Opinion: Chronic shortage of rental properties remains a problem
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It has been well-documented that demand for good quality rental properties is exceeding supply, and this is having a knock-on effect to those landlords seeking to recover possession of their property for their own occupation or disposal.
The shortage of properties means that tenants faced with a notice for possession from their landlord are finding it increasingly harder to secure alternative accommodation.
The lack of supply in the residential lettings market shows no sign of abating, which is something prospective buy-to-let investors should be aware of.
It is striking how many tenants applying to rent homes are doing so because their landlord has decided to sell the property they are occupying.
There are several reasons that a landlord may decide to sell their property, such as the impact of the looming Energy Performance Certificate rule changes.
They may also consider selling because they perceive that the sales market is potentially peaking. However, the sales market is similar to the lettings market in that demand considerably outstrips supply – a situation unlikely to be eased anytime soon.
The result of all of this is that it is very much a landlord’s market. Gone are the days when prospective tenants would make an offer under the advertised rent in exchange for agreeing to a long-term tenancy. Most tenants are happy to pay the asking price, and on rare occasions some tenants will voluntarily offer more in order to secure a tenancy.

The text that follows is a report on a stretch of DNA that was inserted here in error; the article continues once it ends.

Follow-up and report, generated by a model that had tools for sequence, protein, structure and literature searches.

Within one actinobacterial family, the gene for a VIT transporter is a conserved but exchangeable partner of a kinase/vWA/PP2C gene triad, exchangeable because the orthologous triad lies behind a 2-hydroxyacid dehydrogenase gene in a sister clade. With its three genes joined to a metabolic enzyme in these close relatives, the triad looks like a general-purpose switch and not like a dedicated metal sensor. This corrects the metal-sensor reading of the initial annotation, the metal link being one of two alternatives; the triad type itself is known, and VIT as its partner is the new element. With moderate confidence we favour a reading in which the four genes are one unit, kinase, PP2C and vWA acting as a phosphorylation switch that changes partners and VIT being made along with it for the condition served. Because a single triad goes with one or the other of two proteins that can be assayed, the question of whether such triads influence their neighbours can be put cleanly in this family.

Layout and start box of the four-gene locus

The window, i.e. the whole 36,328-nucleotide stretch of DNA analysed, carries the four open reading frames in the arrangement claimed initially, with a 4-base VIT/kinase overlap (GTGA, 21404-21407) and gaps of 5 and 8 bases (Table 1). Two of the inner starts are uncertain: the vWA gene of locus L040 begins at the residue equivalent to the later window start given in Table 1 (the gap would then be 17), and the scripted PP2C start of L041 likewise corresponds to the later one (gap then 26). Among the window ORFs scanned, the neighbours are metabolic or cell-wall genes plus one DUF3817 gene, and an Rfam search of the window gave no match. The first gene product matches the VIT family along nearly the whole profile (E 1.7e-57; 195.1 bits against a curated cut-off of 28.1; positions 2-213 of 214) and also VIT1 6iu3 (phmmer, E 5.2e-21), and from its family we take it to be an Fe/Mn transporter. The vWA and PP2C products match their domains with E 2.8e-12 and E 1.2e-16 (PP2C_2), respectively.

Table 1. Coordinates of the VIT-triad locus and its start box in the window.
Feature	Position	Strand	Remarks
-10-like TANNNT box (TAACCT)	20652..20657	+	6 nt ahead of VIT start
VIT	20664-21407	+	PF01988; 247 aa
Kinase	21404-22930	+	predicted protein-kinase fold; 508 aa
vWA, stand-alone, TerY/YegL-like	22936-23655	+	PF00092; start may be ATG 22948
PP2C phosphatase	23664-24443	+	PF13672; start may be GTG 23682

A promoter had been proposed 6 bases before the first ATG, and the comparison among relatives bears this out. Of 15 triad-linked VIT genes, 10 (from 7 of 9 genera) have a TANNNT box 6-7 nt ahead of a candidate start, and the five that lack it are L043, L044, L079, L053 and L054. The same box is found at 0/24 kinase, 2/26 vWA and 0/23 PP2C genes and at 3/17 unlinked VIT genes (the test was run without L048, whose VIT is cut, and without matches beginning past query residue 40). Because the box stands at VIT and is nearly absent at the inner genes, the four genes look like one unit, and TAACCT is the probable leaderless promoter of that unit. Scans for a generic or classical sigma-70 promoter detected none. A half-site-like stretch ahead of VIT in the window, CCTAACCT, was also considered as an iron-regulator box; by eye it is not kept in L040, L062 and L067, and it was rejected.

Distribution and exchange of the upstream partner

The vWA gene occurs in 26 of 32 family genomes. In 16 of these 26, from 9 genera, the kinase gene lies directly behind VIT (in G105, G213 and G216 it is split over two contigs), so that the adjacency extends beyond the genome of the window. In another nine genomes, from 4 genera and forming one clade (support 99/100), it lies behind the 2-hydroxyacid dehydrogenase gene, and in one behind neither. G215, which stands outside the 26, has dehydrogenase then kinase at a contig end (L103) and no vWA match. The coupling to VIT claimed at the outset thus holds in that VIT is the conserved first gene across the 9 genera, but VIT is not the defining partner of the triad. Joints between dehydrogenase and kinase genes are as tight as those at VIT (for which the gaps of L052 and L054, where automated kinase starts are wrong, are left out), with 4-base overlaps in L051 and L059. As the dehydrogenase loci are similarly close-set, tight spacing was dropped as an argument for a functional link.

The result is increasing yields more or less across the board, even taking into account rises in purchase prices for investors (rents are generally rising more quickly than property prices). With many more prospective tenants than there are available properties, the direction of travel when it comes to return on investment looks likely to be one-way for some time to come.
For those who have cash to invest, or who can access finance at the current historically low rates of interest (and almost all commentators agree that rates will have to rise several times in the coming months), now is a very good time to invest, with the ever-present caveat that it is important to buy the right property in the right location – and with the right environmental credentials.
Increases in availability of properties will help tenants who are struggling to find a home, and in turn investors will see decent returns.
Catherine Hunt is lettings property manager at Arnolds Keys, arnoldskeys.com